We are not going into theoretical physics today! The only science I’d like to address here is the behavior of incorrect data entry. When you decided to use user-defined fields to store custom tenant data, lack of end user training is one hurdle we all potentially face. The expectation is to put only the desired information in the right fields.
For example, if a user-defined field was meant to hold a digits-only dollar amount, and an end user performing data entry included a dollar sign or a comma in the field, this field can no longer be used to perform a calculation because the characters “$” and “,” make it impossible to do so. The fields themselves are flexible and are designed as a data type (in this case, “string”) that can handle any character data, so there isn’t any way to prevent these characters from being entered in a programmatic way. When you started using those fields, you may have let everyone know to put in only digits, but time has somehow worked away this diligence.
Of course the end user had the best intentions. But now, because we have non-numeric characters in a field in which we wanted to calculate a sum, an average, or a top 10, the mere presence of a single comma or dollar sign can cause a report to break. This can leave you wondering why you bothered with the fields to begin with! Even worse, you may not know why a particular report stopped working.
Fixing broken reports
Fear not, friends—solutions abound! Solutions to even potentially train the end user. Data hygiene lives!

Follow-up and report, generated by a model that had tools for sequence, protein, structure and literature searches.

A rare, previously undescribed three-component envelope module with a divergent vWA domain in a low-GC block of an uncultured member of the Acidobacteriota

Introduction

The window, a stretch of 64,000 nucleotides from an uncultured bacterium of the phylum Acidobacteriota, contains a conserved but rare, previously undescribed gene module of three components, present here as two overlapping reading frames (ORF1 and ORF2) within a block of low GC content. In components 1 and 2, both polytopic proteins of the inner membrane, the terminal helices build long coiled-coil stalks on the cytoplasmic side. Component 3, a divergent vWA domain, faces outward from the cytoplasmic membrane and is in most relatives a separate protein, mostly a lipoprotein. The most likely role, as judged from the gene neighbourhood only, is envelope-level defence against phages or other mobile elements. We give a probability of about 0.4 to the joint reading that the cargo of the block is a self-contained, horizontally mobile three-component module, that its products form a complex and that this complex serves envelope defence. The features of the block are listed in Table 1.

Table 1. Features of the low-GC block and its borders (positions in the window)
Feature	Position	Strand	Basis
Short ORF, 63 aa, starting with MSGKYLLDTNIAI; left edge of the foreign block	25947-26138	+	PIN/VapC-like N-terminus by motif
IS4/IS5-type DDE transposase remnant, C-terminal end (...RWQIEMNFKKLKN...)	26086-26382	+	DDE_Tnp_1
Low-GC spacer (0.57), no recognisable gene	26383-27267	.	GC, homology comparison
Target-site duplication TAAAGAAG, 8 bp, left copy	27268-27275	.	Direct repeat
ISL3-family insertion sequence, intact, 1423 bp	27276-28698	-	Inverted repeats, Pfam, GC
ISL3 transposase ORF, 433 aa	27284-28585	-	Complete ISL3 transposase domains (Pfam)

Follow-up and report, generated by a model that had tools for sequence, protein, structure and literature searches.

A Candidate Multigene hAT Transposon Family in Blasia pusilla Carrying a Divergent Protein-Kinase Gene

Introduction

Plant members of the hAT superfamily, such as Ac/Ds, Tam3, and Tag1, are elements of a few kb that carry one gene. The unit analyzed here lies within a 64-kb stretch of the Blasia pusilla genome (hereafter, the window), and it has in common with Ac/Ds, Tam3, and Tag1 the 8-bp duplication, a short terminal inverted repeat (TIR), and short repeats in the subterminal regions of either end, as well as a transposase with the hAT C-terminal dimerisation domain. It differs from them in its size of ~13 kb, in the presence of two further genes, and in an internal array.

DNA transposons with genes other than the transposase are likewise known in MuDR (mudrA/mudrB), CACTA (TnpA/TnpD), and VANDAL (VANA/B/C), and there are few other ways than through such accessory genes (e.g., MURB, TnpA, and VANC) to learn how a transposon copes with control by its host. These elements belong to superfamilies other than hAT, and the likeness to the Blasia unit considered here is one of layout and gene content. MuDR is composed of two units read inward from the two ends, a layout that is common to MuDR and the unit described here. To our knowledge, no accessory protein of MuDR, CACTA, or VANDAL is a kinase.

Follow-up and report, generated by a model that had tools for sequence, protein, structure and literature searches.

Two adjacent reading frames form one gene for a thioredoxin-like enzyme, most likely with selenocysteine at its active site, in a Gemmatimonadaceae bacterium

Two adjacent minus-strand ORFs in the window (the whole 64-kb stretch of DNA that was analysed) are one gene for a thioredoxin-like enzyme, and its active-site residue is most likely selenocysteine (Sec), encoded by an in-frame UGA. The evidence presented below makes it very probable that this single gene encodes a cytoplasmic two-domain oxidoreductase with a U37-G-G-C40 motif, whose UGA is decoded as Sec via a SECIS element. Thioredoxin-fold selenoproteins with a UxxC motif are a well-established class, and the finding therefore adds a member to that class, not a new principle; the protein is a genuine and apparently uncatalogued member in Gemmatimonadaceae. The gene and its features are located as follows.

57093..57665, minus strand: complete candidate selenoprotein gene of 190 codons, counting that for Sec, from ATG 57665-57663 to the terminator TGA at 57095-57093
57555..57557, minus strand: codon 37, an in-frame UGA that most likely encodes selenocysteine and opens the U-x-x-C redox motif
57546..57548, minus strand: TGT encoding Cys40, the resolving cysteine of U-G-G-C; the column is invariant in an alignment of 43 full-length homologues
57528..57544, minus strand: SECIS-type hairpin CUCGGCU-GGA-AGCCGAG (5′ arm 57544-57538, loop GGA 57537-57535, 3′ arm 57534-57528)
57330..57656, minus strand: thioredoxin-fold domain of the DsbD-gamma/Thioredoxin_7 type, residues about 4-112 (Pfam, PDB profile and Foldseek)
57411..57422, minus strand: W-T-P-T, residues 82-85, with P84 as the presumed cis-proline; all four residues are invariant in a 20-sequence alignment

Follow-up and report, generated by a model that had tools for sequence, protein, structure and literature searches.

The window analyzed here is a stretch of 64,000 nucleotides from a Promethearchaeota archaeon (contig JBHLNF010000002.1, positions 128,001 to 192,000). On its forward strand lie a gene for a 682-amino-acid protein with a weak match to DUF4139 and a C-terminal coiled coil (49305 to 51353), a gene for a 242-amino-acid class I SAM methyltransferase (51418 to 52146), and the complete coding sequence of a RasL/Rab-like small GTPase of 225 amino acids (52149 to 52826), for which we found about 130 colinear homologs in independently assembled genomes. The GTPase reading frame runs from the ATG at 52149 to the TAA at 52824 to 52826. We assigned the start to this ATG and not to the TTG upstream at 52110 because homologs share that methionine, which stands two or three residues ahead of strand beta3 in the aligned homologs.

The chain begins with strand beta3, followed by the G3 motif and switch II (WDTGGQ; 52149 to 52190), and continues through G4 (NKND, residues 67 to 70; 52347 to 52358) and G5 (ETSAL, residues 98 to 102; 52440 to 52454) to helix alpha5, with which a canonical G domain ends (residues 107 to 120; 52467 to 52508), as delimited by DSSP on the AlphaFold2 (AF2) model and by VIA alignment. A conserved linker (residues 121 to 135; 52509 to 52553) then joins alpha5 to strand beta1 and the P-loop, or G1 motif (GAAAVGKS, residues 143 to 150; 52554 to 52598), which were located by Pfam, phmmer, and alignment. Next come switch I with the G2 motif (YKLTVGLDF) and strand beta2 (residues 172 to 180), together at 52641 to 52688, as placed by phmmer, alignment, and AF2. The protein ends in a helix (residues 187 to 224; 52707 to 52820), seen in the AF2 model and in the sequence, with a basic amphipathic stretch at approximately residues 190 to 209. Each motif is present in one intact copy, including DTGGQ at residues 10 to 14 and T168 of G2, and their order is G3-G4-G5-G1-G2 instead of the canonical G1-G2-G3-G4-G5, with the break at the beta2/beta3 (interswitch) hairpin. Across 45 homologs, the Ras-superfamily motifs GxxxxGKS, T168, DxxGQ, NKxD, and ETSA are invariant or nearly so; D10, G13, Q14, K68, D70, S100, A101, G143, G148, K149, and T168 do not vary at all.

There are several approaches you can take, and each is empowering in different ways.
First, you will want to decide if you want to involve the end user in the data hygiene process. What I mean by this is whether you want to train the end user to do this process correctly. If so, fantastic! REdirect can write a simple report that highlights all the anomalies that need fixing. You’ll know exactly where you need to go to fix the bad data, instead of checking every single record for the needle in the haystack.
If you don’t care to fix the end user behavior, this is fine too. We can write a script that scrubs those characters out of those fields, and even assign it to a task that can clean that up on a regular basis.
A last option is to modify any existing reports that use these fields so that they ignore special characters when you are expecting to store only numeric values. Perhaps even engaging more than one of these options will set this straight for good.
If you’ve got reports sitting dormant because you don’t know what went wrong, reach out to us. We can figure it out and get your reports back up and running!